After the Requiem dates from 1990 and follows his Cadman Requiem of the previous year. After completing the latter, which was written for the Hilliard Ensemble in memory of Bryars’s friend Bill Cadman, Manfred Eicher suggested that Bryars spin an instrumental postlude from the requiem’s latent fibers, thus giving us the title piece of this brooding and gorgeous album. Scored for two violas, cello, and electric guitar, After the Requiem offers a distinct take on the state of mourning it so affectionately recreates. Like the gravelly strings that open the piece, the mood is raw and unbounded. Frisell’s guitar sears the darkness like the northern lights with a slow and lustrous fire, bleeding spectral life force into the evening sky. The strings gather momentum, as if to coax the guitar toward the horizon, chasing the memory of an afternoon that can no longer be recovered. Frisell plays as if he were bowing the guitar, drawing out an amplified sustenance that nourishes the vocal hunger of his accompaniment. Where the strings seem to mimic voices, the guitar mimics the strings, ad infinitum. The piece slows about midway through, burrowing even deeper into contemplative soil, at which point Frisell wrenches out some grinding low tones from the lower register of his axe. What would be but one voice lost in a power chord more forcefully played rings here with the humility of supplication. Before long the guitar lets out more substantial tones and shifts to an aerial shot of the same landscape. The earth recedes, leading into the most beautiful moment of the piece, during which the guitar drops from a soaring high note. One can hear, indeed almost taste, the meticulous care that went into this performance. The music fades, as if sending off a spirit to a realm where life continues of its own accord. The continuity between instruments here is such that there are almost no audible gaps between them. And while all the musicians play with consummate grace, Frisell is nothing short of astonishing. Despite the polished feel of the piece it was the result, as Bryars makes clear in his recording diary, of much refinement and experimentation on Frisell’s part, working closely with the composer to achieve the ideal effect.

The Old Tower of Löbenicht. This piece, composed in 1986, is the early version of an instrumental interlude for a yet-to-be-realized opera adapted from Thomas DeQuincey’s The Last Days of Immanuel Kant. Says Bryars, “It occurs at a point in the opera where Kant is disturbed at the way in which growing poplar trees have obscured the view of a distant tower which ‘he could not be said properly to see…but (which) rested upon his eye as distant music on the ear—obscurely, or but half revealed to the consciousness.’” The music is meant to evoke Kant’s divided response to the tower’s presence and obfuscation, hence the nocturnal bass clarinet and ominous bells that dominate the first half. The music moves like a barge through ice flows. Its signals ring across the waters to the mainland, traversing coastline, steppes, mountainous terrain, barren fields, contaminated pools. A solemn piano appears with a rhythmic and minimal motif, rocking between two-part harmonies, as Balanescu solos beautifully on violin, at times doubled by Roger Heaton on bass clarinet. This progression is landmarked by a plucked bass and vibraphone. Bryars weaves a few audible strands of light into the otherwise requisite darkness, where constellations are but a memory lost to annals of history. The music very much resembles the trajectory of Glorious Hill, another Bryars masterpiece. The sheer clarity of Balanescu’s tone, at once thin and rich with melodic substance, is the binding thread. As the piece ends, a marimba flutters like butterfly wings in and out of our sonic purview, leaving behind a litany of bells while a bass clarinet scrapes the bottom of its available registers.

Alaric I or II (1989) is scored for two soprano saxophones, one alto, and one baritone. “The title,” Bryars tells us, “comes from the name of the mountain, Mount Alaric, in South West France, opposite the Chateau where I spent the summer [composing this piece]. No-one seemed to know which of the two ‘King Alarics’ the name referred to.” Alaric I or II is an exercise in virtuosity, requiring of the players a variety of techniques, including long bouts of circular breathing and controlled multiphonics. As with the rest of the album, this piece builds slowly yet with purpose. After a series of languid dissonant clusters the alto sax sketches a theme in its haunting surroundings. Suddenly, the two soprano saxes launch into a rhythmic arpeggio, lending a Philip Glassian flavor to the palette. Soon this thins out in a more contemplative air, pausing on a resolved chord, further darkened and reformed into a new beginning. Another rhythmic section begins as the baritone sax raises its throaty call. From this point a steady energy is maintained by at least one instrument as the others play over or around it: one lead is immediately switched off for another, typically between alto and soprano. An evocative fluttering technique signals a close as the quartet subsides into quiet agreement, hermetically sealed and indistinguishable from the rest of the rocky cove. The musicianship here is superb, the saxophonic sound rendered with precision. At times this piece shares an affinity with the brief saxophone quartet in Michael Nyman’s soundtrack for The Piano and would be equally suited for some incidental purpose. Although this is a fairly minimal piece, it evokes a range of atmospheres and images. Its energy moves in peaks and valleys, opening the earth’s bindings just a little further to smell its ink-blotted pages. It’s like a captain’s log floating unseen in the wake of shipwreck, plowing the waves for days before the water turns it into invisible molecules.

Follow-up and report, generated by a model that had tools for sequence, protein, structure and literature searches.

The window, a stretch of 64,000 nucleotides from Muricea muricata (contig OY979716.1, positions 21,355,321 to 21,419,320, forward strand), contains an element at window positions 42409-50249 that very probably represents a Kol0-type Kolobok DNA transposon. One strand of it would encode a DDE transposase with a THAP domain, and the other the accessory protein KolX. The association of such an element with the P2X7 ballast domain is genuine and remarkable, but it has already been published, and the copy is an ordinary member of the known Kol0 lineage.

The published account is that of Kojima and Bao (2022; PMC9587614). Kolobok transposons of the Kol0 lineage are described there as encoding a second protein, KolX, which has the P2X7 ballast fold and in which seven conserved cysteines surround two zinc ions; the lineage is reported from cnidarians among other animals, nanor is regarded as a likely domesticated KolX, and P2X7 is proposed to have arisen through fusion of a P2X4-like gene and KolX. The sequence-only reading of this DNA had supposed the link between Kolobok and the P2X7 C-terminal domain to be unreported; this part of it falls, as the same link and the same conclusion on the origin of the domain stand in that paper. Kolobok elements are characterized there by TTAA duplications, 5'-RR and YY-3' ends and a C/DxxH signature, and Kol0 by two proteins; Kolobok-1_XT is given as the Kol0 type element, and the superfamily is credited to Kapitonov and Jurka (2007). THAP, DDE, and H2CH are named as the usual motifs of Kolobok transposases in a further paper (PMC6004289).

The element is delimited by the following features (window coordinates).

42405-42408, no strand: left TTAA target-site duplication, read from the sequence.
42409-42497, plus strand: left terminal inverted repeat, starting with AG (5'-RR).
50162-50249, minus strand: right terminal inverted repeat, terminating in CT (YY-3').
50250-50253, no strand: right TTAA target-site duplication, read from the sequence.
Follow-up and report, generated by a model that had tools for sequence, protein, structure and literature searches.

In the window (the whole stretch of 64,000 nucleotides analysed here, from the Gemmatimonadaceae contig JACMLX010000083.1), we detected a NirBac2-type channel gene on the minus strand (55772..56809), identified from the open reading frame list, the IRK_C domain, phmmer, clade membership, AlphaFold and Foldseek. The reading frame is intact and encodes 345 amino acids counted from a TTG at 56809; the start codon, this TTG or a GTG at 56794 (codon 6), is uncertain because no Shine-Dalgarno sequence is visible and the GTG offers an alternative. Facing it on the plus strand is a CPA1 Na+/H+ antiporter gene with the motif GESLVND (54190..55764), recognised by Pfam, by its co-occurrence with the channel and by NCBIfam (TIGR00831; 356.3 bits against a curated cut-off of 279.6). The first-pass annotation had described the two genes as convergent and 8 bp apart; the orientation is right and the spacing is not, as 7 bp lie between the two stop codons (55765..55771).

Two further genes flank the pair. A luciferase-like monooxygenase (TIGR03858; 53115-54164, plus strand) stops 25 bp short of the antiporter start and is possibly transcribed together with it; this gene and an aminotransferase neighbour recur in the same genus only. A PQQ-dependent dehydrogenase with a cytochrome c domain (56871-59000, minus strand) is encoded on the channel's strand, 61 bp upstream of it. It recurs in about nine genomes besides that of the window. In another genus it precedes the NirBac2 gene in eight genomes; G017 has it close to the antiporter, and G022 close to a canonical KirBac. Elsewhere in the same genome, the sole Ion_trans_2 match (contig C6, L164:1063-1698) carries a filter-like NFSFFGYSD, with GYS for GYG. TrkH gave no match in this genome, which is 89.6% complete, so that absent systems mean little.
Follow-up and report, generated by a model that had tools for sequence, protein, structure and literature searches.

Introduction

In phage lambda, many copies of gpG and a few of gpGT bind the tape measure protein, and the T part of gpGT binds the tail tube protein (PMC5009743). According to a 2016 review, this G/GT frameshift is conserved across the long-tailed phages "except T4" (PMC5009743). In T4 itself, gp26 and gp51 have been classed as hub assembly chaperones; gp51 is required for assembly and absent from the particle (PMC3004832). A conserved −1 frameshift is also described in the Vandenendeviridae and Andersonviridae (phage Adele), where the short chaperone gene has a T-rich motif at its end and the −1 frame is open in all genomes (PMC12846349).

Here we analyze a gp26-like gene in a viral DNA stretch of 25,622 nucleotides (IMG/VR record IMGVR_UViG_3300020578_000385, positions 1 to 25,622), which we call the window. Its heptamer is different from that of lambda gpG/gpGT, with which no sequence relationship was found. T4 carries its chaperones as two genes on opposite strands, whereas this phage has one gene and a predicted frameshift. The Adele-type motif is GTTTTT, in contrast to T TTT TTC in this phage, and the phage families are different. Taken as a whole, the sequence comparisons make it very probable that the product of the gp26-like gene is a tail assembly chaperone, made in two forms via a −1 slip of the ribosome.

Allegrasco (1983) is an “operatic paraphrase” of Bryars’s first opera Medea. It is another larger ensemble piece that opens humbly with piano and clarinet. Brooding strings wrap their arms around the central melody. A bell intones; the strings grow louder; the clarinet snakes its way around like a loose scarf caught in a strong but silent wind. A playful passage ensues, a dance in a silent film. The guitar grows into a more supportive voice, dropping remnants of the album’s title piece into this limpid pool. Allegrasco is a series of finely wrought vignettes, each turning like a musical waterwheel. The music is never still, as if at the whim of an unseen narrative force. We graze the shoreline with each musical gesture, sometimes sinking, sometimes floating.

Bryars’s music practically begs for imagery, if only the listener’s own. It is corroded, antique, and accrues value with age. One hears it anew every time, for it holds a world of possibility.